I look to the Fender Stratocaster vs. Gibson Les Paul debate as my template. There is no better. “Better” is not the word. Choice is the word. I would like to continue trying to create a culture where your mind is your bed: don’t get hateful at the way I make mine up. Dialogue v. Monologue.
As for my opinion on the matter of Strat vs. Les Paul?
I used to try and write reviews for guitars, but now I’m just going to write my personal experiences with them. Paul Riario does enough work for everyone.
This is my Takamine EG334SC. There are many others like it, but this one is mine. For 4 years running, this is a guitar I have always had handy, and it’s also the guitar I will never sell. It’s a 600 dollar guitar that was a correction of a mistake: I drunkenly purchased a different acoustic guitar the day before and in a bit of generosity the salesman gave me a “Learn from your mistakes” deal. I still think the guitar feels good to play no matter how hungover I was. Here are some unrelatable facts about it.
The Specs: Laminate ovangkol back and sides on the body, I don’t have to worry about the back getting broken. The spruce top is as memorable as any top on a sub-1000 dollar guitar (it’s not memorable). I have taken it with me to be the “Guy in the park with a guitar” many times, and the only thing that’s ever happened to it was a guy with a mohawk, Black Flag t-shirt, and studs everywhere put a sticker on it. (Sticker application is apparently a territory marking statement for Punk Rockers, but I’ll save that for my anthropology blog.) Luckily the finish is a thick coat of gloss Polyurethane, so it can stand up to some stronger solvents like acetone.
The Neck: 20 frets with cutaway access, an average C-shaped neck profile, Grover tuners, rosewood fretboard, dot inlays and all other standard neck-related things for an acoustic. Acoustic necks need to be a bit more robust to handle the extra tension of acoustic strings, but this one fits me fine. Reminds me a bit of my Telecaster neck. It’s not a well built neck. The fret tops are level, but the fretboard isn’t. It looks crappily made, but it plays fine. It adheres to my rules of guitars being played/heard and not seen. It’s an acoustic guitar, any more talk about it and I’ll end up convincing myself it’s worthwhile to buy a 6000 dollar acoustic guitar…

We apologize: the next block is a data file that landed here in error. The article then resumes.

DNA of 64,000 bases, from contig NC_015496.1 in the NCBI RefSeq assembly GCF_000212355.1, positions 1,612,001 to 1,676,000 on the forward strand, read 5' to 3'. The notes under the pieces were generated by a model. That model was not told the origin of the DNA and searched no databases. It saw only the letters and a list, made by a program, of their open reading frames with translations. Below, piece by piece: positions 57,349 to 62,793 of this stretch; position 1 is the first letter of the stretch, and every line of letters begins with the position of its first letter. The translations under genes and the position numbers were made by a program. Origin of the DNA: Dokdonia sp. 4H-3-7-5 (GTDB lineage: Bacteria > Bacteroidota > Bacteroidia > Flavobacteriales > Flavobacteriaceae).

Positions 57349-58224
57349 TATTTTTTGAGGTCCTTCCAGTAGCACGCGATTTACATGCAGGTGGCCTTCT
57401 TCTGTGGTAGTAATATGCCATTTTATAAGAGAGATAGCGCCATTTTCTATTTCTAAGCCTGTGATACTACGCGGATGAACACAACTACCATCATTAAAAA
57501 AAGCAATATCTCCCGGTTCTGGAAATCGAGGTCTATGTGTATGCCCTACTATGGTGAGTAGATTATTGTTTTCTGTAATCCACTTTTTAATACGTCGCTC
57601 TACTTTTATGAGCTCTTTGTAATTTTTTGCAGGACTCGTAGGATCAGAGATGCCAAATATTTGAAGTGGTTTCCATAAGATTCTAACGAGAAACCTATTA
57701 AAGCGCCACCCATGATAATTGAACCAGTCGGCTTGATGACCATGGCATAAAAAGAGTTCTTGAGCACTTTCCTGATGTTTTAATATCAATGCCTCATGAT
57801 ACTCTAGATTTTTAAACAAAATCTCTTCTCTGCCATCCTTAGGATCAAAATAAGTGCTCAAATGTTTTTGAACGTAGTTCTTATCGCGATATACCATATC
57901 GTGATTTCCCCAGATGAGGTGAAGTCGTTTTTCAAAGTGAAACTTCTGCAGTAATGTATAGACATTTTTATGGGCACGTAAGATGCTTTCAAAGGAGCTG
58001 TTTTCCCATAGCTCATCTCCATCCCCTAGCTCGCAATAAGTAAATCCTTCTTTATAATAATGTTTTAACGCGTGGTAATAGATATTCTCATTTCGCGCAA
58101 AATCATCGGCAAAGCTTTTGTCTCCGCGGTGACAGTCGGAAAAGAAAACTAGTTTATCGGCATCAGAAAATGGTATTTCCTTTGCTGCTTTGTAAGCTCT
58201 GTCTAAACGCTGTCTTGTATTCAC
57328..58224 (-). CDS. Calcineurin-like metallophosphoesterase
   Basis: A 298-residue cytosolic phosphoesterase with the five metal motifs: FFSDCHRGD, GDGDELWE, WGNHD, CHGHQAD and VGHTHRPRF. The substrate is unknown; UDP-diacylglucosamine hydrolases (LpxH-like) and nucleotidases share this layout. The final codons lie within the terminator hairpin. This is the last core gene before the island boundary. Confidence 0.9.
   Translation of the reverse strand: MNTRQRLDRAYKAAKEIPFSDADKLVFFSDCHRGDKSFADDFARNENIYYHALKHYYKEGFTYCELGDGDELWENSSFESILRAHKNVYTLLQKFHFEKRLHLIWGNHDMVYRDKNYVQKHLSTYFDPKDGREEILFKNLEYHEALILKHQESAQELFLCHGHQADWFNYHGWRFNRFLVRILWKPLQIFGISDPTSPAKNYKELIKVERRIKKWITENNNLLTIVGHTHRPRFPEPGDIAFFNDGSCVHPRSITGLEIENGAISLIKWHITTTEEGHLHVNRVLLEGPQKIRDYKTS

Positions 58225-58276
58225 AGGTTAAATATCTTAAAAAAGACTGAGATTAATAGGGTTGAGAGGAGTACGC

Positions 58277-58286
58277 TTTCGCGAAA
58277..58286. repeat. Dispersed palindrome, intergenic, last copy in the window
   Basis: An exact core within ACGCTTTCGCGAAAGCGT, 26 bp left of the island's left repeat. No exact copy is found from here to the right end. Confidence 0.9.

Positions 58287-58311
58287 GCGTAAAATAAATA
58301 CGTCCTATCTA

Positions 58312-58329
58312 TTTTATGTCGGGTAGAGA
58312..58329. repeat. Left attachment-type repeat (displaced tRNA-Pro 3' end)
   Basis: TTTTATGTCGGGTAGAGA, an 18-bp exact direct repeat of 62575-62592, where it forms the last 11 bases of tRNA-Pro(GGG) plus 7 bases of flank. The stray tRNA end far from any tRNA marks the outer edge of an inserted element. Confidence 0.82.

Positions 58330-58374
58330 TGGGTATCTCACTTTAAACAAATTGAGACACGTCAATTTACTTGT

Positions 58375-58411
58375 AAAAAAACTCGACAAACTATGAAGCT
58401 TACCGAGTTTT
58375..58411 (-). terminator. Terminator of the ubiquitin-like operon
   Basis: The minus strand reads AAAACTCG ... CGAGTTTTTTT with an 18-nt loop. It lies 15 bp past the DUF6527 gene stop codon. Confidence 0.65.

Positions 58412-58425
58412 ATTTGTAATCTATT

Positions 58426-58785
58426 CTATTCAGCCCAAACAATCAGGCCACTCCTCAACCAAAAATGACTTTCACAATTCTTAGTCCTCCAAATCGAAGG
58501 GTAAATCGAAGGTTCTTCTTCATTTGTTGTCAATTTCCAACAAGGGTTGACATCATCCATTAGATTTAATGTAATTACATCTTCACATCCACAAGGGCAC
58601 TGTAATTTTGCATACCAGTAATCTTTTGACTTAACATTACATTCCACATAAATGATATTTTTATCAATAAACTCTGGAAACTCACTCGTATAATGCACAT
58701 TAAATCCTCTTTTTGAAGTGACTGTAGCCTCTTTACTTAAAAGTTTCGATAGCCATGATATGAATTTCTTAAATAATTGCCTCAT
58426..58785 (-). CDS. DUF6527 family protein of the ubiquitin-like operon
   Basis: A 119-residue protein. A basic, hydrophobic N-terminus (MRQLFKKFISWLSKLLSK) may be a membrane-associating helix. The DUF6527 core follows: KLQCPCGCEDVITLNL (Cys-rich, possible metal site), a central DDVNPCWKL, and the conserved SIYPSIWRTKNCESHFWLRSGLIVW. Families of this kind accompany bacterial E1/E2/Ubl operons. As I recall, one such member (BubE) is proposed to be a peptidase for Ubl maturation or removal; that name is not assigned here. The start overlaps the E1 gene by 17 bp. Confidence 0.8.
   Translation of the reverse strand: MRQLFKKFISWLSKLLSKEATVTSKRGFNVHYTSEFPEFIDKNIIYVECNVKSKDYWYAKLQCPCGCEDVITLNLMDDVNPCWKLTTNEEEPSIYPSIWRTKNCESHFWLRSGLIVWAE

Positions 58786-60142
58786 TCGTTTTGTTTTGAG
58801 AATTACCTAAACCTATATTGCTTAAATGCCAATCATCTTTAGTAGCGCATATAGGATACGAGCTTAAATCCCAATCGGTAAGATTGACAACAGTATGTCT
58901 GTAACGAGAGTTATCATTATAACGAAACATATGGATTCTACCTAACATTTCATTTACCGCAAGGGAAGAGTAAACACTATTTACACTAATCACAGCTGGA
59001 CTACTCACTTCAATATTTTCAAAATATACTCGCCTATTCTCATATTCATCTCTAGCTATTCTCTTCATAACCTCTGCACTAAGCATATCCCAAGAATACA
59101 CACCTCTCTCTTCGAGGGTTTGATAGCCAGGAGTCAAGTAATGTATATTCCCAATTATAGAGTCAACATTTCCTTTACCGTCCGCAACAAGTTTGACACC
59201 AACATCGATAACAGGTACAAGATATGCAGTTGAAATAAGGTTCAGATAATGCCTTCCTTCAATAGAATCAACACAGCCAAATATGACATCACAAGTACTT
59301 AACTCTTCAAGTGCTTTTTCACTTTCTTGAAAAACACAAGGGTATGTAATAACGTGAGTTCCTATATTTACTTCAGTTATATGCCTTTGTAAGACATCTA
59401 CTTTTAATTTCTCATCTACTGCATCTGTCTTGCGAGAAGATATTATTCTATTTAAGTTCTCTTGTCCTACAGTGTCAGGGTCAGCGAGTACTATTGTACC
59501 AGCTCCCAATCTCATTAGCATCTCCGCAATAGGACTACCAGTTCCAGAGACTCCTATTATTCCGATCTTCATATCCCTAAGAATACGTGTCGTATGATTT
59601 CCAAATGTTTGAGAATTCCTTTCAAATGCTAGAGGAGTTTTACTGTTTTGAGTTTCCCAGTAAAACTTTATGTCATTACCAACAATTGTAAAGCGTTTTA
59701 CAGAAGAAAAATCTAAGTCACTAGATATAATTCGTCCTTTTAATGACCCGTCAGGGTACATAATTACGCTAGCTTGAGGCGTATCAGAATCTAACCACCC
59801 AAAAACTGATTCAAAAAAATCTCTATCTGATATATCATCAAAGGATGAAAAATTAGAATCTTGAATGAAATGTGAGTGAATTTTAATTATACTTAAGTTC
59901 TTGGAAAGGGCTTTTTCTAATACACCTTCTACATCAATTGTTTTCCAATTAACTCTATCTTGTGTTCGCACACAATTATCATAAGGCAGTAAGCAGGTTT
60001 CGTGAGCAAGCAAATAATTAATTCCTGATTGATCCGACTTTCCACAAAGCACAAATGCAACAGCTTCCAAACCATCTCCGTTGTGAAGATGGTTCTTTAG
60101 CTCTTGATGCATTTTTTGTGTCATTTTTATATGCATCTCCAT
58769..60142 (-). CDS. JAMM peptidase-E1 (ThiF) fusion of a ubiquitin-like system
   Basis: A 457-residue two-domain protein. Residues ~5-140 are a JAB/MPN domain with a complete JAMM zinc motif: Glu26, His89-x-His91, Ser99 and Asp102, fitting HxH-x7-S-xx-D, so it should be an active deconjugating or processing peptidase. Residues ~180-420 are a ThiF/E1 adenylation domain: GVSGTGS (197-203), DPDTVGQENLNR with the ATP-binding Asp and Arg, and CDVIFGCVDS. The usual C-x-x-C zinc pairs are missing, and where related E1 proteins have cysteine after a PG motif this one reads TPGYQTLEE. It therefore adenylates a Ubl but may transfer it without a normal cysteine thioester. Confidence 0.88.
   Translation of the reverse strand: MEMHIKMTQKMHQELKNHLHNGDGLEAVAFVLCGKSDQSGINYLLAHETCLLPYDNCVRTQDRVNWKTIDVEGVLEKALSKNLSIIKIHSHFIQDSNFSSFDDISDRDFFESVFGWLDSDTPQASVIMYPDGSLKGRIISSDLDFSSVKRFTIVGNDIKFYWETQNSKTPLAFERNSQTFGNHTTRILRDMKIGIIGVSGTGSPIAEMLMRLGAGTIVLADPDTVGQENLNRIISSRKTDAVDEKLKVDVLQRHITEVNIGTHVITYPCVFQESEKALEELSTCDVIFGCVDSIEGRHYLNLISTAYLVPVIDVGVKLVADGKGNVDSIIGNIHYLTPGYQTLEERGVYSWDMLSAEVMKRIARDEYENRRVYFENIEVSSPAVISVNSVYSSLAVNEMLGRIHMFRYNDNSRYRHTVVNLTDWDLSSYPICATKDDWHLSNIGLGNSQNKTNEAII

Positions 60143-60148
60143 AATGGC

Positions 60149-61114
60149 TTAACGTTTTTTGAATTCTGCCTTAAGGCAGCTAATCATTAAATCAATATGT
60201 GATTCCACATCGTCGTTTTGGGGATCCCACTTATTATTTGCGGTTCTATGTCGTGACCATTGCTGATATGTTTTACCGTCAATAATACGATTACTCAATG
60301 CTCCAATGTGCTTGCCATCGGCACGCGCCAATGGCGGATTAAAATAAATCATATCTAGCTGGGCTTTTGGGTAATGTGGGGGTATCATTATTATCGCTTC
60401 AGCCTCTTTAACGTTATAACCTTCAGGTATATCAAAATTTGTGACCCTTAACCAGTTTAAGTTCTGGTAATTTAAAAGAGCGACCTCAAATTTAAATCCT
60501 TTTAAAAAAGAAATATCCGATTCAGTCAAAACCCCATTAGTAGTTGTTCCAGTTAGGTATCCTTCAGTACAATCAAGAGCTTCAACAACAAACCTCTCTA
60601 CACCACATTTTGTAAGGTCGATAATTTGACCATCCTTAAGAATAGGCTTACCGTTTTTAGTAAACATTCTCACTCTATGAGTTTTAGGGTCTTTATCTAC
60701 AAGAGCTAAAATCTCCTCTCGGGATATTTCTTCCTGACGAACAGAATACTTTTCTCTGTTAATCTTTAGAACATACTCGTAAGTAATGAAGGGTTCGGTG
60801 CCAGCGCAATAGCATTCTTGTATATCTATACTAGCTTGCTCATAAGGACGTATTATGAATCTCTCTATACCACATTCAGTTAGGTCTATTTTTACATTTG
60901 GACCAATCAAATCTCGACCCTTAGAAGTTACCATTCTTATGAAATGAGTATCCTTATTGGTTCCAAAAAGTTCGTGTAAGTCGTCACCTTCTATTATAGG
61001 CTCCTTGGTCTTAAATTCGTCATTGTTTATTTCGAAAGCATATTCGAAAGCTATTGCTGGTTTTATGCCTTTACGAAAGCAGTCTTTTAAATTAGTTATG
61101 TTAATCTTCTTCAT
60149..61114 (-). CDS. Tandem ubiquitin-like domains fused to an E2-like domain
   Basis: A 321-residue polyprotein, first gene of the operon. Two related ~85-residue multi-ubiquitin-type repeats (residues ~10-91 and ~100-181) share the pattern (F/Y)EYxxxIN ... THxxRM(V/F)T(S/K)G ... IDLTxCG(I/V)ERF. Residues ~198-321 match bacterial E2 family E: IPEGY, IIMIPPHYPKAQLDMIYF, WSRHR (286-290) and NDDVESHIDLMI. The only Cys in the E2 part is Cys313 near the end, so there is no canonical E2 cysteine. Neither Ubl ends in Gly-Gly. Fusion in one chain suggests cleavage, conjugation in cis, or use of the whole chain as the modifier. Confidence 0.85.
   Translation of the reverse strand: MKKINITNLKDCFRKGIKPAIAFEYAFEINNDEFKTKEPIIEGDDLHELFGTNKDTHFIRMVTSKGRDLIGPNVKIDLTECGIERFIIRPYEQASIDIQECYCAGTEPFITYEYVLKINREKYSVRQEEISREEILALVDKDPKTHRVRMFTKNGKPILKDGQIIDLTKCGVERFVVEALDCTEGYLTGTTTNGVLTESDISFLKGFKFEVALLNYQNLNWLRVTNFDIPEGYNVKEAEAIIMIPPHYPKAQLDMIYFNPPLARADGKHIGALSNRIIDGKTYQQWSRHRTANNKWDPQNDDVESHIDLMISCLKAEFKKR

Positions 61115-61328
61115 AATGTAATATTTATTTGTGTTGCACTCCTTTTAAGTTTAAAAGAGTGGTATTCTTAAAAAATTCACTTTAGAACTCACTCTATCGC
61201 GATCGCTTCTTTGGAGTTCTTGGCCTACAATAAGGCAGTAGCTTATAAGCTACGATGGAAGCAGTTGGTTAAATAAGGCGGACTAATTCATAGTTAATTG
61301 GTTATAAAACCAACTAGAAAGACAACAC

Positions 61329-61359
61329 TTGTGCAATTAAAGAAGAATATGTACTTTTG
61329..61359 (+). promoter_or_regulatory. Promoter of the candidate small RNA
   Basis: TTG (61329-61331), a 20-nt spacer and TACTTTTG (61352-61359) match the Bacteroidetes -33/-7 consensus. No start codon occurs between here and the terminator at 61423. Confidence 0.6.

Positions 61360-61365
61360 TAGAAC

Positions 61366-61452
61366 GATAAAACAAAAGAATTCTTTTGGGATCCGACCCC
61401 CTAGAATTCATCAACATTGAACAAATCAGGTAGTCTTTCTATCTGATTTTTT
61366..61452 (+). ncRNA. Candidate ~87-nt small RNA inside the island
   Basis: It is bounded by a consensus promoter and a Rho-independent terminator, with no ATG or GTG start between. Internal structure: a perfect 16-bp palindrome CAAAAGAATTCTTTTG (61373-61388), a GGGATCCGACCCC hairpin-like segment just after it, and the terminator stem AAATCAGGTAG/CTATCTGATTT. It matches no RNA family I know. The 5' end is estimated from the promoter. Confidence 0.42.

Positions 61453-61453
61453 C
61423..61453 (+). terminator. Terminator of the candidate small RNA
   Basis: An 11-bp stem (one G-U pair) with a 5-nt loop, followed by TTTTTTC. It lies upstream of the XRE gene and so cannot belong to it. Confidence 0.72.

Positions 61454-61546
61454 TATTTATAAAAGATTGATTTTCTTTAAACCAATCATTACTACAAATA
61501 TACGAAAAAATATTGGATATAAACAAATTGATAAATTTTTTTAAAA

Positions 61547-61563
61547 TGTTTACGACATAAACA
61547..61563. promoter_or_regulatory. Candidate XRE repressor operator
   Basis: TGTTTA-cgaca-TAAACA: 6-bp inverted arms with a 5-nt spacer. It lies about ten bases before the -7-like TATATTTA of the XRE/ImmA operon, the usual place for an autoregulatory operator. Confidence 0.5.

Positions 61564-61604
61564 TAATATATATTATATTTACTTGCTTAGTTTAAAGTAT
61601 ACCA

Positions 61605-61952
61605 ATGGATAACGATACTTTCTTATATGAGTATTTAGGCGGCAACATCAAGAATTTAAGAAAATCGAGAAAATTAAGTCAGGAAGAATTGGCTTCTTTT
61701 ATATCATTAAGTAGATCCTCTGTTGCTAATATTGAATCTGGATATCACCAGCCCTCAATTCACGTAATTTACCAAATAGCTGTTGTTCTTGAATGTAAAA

What I did to it: This is the fun part: it came with a big set of electronics (Stay tuned for an anti-electronics-in-acoustic-guitars post…). It was a large black plastic box with a built in tuner and some equalizer junk cut right into the side of the guitar. Like any reasonable guitar owner, I removed it and threw it away, leaving a large hole in the side. I had read about sound ports in guitars, but I have never been gutsy enough to cut one into my own (I’ll happily do it to yours. and by ridding my guitar of the extra weight of cheaply made electronics, I got an added bonus: it sounds great. The sound comes straight to me as a player, and I get more nuances. I also put a microphone near the accidental hole for recording. Makes me feel like I’m Jimmy Page doing some weird recording voodoo.